Due to serious risk of bias, borderline

imprecision3

Antibiotics probably reduce the risk of late

abscess recurrence.

Hospitalisation 3 months

Odds Ratio 0.55 (CI 95% 0.32 - 0.94) Based on data from 1,206

patients in 2 studies.

(Randomized controlled) Follow up 40 to 90 days

Difference:

17 fewer

per 1000 ( CI 95% 26 fewer - 2 fewer )

39

per 1000

22

per 1000 Moderate

Due to serious imprecision4

Antibiotics probably reduce the risk of

hospitalisation.

Sepsis 1 month

Odds Ratio 7.24 (CI 95% 0.14 - 364.86) Based on data from 1,247

patients in 1 studies.

(Randomized controlled) Follow up 49-63 days

Difference:

2 more

per 1000 ( CI 95% 3 fewer - 6 more )

per 1000

0 2

per 1000 Moderate

Due to serious imprecision5

Antibiotics probably do not decrease the risk of

sepsis.

Serious complications

(invasive infections)

1 months

Odds Ratio 1.02 (CI 95% 0.14 - 7.24) Based on data from 1,057

patients in 1 studies.

(Randomized controlled) Follow up 14 days

Difference:

0 fewer

per 1000 ( CI 95% 8 fewer - 8 more )

4

per 1000

4

per 1000 Moderate

Due to serious imprecision6

Antibiotics probably do not reduce the risk of serious complications.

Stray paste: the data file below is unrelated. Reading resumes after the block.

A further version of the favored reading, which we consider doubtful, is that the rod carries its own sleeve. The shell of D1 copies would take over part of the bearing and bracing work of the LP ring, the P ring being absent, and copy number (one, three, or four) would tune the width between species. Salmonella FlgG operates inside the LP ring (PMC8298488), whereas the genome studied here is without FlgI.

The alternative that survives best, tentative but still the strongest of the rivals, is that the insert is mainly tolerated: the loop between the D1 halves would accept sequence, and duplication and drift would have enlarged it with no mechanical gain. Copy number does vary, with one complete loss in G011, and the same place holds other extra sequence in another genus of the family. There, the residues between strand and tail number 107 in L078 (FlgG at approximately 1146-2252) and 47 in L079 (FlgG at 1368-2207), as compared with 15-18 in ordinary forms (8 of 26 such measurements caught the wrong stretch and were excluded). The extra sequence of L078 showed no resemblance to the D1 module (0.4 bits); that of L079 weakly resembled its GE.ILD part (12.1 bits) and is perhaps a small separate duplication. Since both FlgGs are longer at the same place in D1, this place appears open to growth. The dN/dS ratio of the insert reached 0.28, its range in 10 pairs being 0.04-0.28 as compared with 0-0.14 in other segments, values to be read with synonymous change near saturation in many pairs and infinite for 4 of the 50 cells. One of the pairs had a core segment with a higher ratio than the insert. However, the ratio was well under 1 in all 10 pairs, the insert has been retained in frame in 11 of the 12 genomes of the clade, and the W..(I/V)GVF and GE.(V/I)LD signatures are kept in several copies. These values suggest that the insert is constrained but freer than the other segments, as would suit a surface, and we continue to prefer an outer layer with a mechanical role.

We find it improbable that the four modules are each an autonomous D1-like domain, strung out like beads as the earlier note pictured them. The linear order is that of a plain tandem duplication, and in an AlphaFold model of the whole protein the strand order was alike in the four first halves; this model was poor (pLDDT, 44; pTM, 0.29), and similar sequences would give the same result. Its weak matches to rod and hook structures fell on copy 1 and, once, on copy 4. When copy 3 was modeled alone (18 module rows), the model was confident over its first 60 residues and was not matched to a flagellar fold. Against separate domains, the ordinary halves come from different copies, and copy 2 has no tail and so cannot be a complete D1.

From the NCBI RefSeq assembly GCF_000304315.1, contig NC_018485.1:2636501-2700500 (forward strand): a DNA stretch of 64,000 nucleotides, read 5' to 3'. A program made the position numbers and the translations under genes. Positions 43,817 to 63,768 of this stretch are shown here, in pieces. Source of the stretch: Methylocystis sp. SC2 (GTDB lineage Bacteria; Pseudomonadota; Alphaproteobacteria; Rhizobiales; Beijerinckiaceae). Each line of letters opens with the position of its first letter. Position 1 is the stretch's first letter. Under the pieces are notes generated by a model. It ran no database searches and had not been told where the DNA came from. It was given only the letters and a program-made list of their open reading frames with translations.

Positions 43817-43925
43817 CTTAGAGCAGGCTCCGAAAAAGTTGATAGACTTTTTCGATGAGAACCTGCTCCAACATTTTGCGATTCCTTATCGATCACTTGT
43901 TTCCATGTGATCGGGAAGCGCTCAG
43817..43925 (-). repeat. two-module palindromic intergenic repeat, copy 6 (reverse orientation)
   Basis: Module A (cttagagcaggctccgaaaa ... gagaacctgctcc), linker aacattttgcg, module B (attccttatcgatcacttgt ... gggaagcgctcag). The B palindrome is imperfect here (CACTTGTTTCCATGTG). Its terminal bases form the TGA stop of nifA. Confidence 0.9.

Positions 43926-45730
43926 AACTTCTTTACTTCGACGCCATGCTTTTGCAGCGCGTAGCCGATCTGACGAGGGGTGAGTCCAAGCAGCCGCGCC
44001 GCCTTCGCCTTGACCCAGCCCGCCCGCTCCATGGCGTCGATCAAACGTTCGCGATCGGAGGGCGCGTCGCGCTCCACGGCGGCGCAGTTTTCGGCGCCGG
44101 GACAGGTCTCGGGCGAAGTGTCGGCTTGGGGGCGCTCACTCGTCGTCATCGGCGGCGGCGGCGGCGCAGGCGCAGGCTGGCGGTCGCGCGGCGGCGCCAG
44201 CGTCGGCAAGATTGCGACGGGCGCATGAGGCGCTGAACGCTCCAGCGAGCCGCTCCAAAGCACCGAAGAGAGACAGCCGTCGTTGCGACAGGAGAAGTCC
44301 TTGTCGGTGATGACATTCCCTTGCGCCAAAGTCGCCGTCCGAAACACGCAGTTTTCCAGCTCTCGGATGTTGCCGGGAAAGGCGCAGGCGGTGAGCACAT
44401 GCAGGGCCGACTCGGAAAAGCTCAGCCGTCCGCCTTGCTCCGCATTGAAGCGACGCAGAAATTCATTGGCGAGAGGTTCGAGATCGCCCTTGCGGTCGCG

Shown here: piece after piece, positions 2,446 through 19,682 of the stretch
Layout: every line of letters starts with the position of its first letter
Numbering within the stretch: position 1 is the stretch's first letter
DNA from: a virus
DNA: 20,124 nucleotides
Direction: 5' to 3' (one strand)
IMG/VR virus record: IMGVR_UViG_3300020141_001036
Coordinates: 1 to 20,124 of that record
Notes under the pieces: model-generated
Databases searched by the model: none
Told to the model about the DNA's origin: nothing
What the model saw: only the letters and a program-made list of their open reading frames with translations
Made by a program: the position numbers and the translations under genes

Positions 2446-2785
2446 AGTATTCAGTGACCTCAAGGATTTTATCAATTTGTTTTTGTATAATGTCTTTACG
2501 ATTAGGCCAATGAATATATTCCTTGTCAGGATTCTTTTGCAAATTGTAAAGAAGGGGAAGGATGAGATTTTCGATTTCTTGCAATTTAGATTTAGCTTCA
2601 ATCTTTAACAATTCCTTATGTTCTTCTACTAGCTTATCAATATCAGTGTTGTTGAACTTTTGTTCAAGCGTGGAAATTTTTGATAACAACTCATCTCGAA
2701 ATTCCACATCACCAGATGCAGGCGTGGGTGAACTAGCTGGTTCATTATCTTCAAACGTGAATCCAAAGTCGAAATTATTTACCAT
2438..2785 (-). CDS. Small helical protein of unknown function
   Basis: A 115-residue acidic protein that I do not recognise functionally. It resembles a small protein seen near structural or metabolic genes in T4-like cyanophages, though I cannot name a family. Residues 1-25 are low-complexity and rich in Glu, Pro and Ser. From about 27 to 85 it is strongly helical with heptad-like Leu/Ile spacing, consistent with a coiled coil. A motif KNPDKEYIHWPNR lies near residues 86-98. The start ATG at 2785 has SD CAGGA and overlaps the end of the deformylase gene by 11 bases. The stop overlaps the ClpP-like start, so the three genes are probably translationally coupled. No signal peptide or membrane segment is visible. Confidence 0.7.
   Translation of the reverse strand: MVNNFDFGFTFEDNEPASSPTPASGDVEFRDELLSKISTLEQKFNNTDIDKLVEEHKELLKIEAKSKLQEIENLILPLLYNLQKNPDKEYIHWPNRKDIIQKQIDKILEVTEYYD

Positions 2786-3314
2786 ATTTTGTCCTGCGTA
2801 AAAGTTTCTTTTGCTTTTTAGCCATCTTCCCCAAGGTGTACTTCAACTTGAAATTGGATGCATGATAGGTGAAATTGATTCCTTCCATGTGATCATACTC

Additional surgical procedure

3 months

Odds Ratio 0.58 (CI 95% 0.38 - 0.88) Based on data from 1,013

patients in 1 studies.

(Randomized controlled) Follow up 49 to 63 days

Difference:

52 fewer

per 1000 ( CI 95% 78 fewer - 16 fewer )

per 1000

136 84

per 1000 Moderate

Due to serious imprecision7

Antibiotics probably reduce the need for

additional surgical procedures.

(9)

Pain (tenderness)

3 to 4 days

Odds Ratio 0.76 (CI 95% 0.61 - 0.97) Based on data from 1,057

patients in 1 studies.

(Randomized controlled) Follow up 3 to 4 days

Difference:

68 fewer

per 1000 ( CI 95% 126 fewer - 8 fewer )

559

per 1000

491

per 1000 Moderate

Due to serious imprecision8

Antibiotics probably reduce pain during

treatment.

Infection in a household

member 1 month

Odds Ratio 0.58 (CI 95% 0.34 - 1.01) Based on data from 1,013

patients in 1 studies.

(Randomized controlled) Follow up 49 to 63 days

Difference:

27 fewer

per 1000 ( CI 95% 55 fewer - 1 more )

67

per 1000

40

per 1000 Moderate

Due to serious imprecision9

Antibiotics probably reduce the risk of infection in people living

in the same household.